The front-loaded Toronto Film Festival slowed to a crawl Wednesday, as duties Stateside, the Rosh Hashanah holiday and the start of the Muslim fasting month of Ramadan had a sizable swath of attendees heading for the airport.
One anticipated deal, for Vadim Perelman’s “In Bloom,” finally closed. North American rights to the drama went to Magnolia, sister company of the pic’s producer, 2929 Prods., marking the first time the two have teamed. Because the pact involved two separate business units operated by Todd Wagner and Mark Cuban, digging out details wasn’t easy.
But it was clear that domestic reps CAA and Cinetic faced some skepticism in the market about the pic, which preemed Saturday. “In Bloom,” starring Uma Thurman and Evan Rachel Wood, centers around the lingering effects of a school shooting in a Connecticut suburb.
Pic also sold to more than a dozen foreign territories, including France (Metropolitan), Italy (Media Film), Japan (Desperado) and Korea (Pan Cinema.)
With only scraps left on the table, talk at many eateries and hotels around the fest, which runs through Saturday, turned to which of the attending directors or stars had emerged as the hottest properties.
Top of the list was undoubtedly Joe Wright, the Brit helmer of “Atonement.” Pic’s acclaimed bow at Toronto followed on from a similarly-feted world preem at Venice. The 35-year-old sophomore director has established himself as an awards season contender with his deft adaptation of Ian McEwan’s bestselling novel that spans from the 1930s through WWII and into the present day.
“Joe uses the medium of film like an artist would use a paintbrush,” said Working Title co-topper Tim Bevan, who produced the pic.
Wright flew straight from Toronto on to Los Angeles, where he is prepping his next project, “The Soloist,” a contemporary drama about music and homelessness starring Jamie Foxx and Robert Downey Jr. DreamWorks is producing with Working Title.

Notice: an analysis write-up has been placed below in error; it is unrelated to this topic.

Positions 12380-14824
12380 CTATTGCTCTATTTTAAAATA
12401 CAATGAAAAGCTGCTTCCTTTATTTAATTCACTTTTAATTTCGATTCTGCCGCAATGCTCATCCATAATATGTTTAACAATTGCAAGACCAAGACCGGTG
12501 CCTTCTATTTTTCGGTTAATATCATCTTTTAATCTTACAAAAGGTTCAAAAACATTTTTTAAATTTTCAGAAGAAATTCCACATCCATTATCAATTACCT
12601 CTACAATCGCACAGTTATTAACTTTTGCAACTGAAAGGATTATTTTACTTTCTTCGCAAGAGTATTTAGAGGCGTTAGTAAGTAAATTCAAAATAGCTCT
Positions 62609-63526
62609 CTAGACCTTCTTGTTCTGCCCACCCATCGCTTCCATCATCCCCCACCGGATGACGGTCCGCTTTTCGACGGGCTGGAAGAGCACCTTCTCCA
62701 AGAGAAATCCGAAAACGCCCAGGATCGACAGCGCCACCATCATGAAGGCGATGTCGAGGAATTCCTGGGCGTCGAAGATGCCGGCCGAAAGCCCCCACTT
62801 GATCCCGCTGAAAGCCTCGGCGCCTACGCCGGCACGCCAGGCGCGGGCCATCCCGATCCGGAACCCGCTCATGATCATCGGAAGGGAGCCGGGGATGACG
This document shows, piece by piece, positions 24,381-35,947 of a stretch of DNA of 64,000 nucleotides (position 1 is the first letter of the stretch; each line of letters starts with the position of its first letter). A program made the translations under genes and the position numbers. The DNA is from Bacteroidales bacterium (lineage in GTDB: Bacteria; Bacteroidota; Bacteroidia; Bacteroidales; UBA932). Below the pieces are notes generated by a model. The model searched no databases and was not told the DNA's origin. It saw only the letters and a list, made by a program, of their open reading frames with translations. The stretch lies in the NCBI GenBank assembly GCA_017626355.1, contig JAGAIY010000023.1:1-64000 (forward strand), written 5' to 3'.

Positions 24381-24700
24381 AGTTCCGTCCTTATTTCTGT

Wright and Perelman were just two of a number of first- or second-time helmers making an impact at the fest this year. Yet while Wright and others basked in their big moments, several buyers cited inexperience behind the camera as one reason why they steered clear of a few titles.
“I just find some of these movies to be either under- or overdirected,” said one experienced buyer. “It distracts you when you see mistakes in handling actors, setting up shots — sometimes all of the above.”
Some of the rookie errors may have been even more glaring given a fest sked equally packed with the latest projects from long-established helmers.
As for the newbies, scribes Alan Ball (“Nothing Is Private”) and Tony Gilroy (“Michael Clayton”) made the move to helming with their debut features, while thesps Stuart Townsend (“Battle in Seattle”) and David Schwimmer (“Run, Fat Boy, Run”) and musicvid director Anton Corbijn (“Control”) also made directorial debuts. Aristomenis Tsirbas debuted with animated feature “Terra,” featuring the voices of Danny Glover, Evan Rachel Wood and Luke Wilson.
“I was champing at the bit to direct a film, but I couldn’t do it while I was doing ‘Friends,'” said Schwimmer. “I love directing and want to keep doing it.”
Commercial director Craig Gillespie had earlier done New Line’s “Mr. Woodcock,” but its release was pushed (it’s finally out this month). His new pic, “Lars and the Real Girl,” garnered acclaim in Toronto before he was known as a feature director.
The infusion of new talent also came from further afield, with 19-year-old Iranian Hana Makhmalbaf (“Buddha Collapsed From Shame”) and Lebanese Nadine Labaki (“Caramel”) also preeming first-time efforts.
With sophomore pics from the likes of Paul Haggis (“In the Valley of Elah”), Tom McCarthy (“The Visitor”) and Gavin Hood (“Tsotsi”) sitting alongside new works form long-established celluloid masters David Cronenberg, Werner Herzog, Woody Allen, Ken Loach. Sidney Lumet and Youssef Chahine, this year’s fest had an interesting cross-generational dimension.
Not that the old guys on the block were ready to relinquish power just yet. At the news confab for “Eastern Promises,” seasoned Canuck helmer Cronenberg was asked what advice he would give to young helmers.
“My goal is to crush them. They want to supplant me, and I want to destroy them,” quipped Cronenberg. “Seriously, though, there’s so much mythology around being a director. I just want to demystify it for them. There are an infinite number of ways you can become a director.”
(Anne Thompson contributed to this report.)